21:26 GMT24 February 2021
Listen Live
    Get short URL

    The United States, a country with a death penalty in 31 of its 50 states has condemned its Middle Eastern ally Saudi Arabia for the execution of 47 people for terrorism, including a prominent Shiite cleric.

    According to the White House, the recent executions could exacerbate tensions between Sunni and Shia religious factions in Saudi Arabia, a country that has a wide Sunni majority. The US called all Middle Eastern heads on Saturday to "redouble efforts" to mitigate tensions.

    "We reaffirm our calls on the Government of Saudi Arabia to respect and protect human rights, and to ensure fair and transparent judicial proceedings in all cases," US State Department spokesman John Kirby, said in a statement following the executions in Riyadh.

    The executions of 47 people, including al Qaeda members, are intended by Saudi Arabia to signal that terrorist activities will not be tolerated, whether by jihadists of the Sunni majority or by minority Shiites.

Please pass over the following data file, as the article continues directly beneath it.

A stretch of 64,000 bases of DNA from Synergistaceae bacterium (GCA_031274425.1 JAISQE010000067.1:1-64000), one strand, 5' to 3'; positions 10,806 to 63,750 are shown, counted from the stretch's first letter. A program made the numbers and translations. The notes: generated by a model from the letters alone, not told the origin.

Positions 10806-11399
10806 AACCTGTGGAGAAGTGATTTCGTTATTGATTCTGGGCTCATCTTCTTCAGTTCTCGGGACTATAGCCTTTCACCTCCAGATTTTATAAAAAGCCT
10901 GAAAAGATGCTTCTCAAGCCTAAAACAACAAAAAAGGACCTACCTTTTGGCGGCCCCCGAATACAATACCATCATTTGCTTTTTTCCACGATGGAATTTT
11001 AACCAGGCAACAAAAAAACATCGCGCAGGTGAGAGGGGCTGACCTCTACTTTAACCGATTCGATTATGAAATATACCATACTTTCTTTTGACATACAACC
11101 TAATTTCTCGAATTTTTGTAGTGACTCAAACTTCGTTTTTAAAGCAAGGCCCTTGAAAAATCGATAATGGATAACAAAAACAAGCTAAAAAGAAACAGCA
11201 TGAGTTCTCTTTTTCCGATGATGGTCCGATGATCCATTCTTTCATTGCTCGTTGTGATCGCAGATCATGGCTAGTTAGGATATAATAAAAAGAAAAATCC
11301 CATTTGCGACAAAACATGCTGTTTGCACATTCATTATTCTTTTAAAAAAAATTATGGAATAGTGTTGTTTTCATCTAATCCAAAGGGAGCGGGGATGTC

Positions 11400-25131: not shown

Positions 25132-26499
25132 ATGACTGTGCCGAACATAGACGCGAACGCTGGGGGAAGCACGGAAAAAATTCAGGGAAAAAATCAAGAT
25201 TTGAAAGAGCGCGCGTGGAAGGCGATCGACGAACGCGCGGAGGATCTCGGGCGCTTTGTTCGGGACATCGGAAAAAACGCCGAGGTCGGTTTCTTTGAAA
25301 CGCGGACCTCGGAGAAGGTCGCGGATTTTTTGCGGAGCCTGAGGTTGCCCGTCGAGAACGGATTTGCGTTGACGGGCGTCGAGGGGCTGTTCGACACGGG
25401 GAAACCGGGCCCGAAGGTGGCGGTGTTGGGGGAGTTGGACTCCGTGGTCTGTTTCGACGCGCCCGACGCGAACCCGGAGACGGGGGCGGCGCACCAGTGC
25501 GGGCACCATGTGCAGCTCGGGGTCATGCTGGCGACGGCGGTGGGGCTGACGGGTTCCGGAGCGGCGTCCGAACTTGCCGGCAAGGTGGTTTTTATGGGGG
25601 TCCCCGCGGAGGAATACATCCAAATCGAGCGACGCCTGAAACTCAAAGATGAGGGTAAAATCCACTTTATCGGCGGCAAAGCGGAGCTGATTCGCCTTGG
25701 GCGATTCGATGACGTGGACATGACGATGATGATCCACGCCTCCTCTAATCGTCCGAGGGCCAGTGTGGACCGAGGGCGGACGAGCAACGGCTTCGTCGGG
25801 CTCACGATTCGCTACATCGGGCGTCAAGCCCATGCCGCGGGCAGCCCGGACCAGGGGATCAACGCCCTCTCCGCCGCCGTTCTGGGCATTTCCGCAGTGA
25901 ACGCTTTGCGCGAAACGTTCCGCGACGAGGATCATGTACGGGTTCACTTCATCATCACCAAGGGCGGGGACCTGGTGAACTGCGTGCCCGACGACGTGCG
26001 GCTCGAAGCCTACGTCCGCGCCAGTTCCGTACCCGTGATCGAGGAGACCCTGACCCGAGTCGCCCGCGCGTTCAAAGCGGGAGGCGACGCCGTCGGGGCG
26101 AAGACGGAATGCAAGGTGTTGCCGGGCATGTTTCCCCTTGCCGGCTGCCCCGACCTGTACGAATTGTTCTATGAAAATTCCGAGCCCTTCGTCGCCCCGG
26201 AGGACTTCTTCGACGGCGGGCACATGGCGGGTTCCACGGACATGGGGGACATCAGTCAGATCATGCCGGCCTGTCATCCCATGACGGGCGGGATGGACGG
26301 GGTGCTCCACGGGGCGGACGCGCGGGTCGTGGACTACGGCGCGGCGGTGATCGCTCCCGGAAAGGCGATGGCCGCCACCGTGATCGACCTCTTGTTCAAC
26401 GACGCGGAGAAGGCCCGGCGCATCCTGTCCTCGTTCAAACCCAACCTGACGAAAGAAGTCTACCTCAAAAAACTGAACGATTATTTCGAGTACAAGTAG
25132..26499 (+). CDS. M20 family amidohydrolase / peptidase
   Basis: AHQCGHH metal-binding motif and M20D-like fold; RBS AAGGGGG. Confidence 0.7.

All of the executed were convicted of plotting and carrying out terror attacks targeting civilians and military in Saudi Arabia and abroad.

    Human rights advocacy Amnesty International stated in November that Saudi Arabia executed at least 151 people in 2015, the highest figure in 20 years.


    Cleric Execution Protesters Attempt to Set Saudi Consulate Ablaze in Iran
    Iranian Missiles Only Threaten Saudi Arabia, Not the US
    Iran Summons Saudi Charge D'Affaires Over Execution of Shiite Cleric
    Iraq's al-Maliki 'Reaffirms' Saudi Arabia Will Be Destroyed
    Execution of Shiite Cleric in Saudi Arabia Sparks Protests in Bahrain
    U.S. Department of State, execution, Shiites, human rights, sunni muslims, al Qaeda, John Kirby, Tehran, US, Riyadh, Saudi Arabia
    Community standardsDiscussion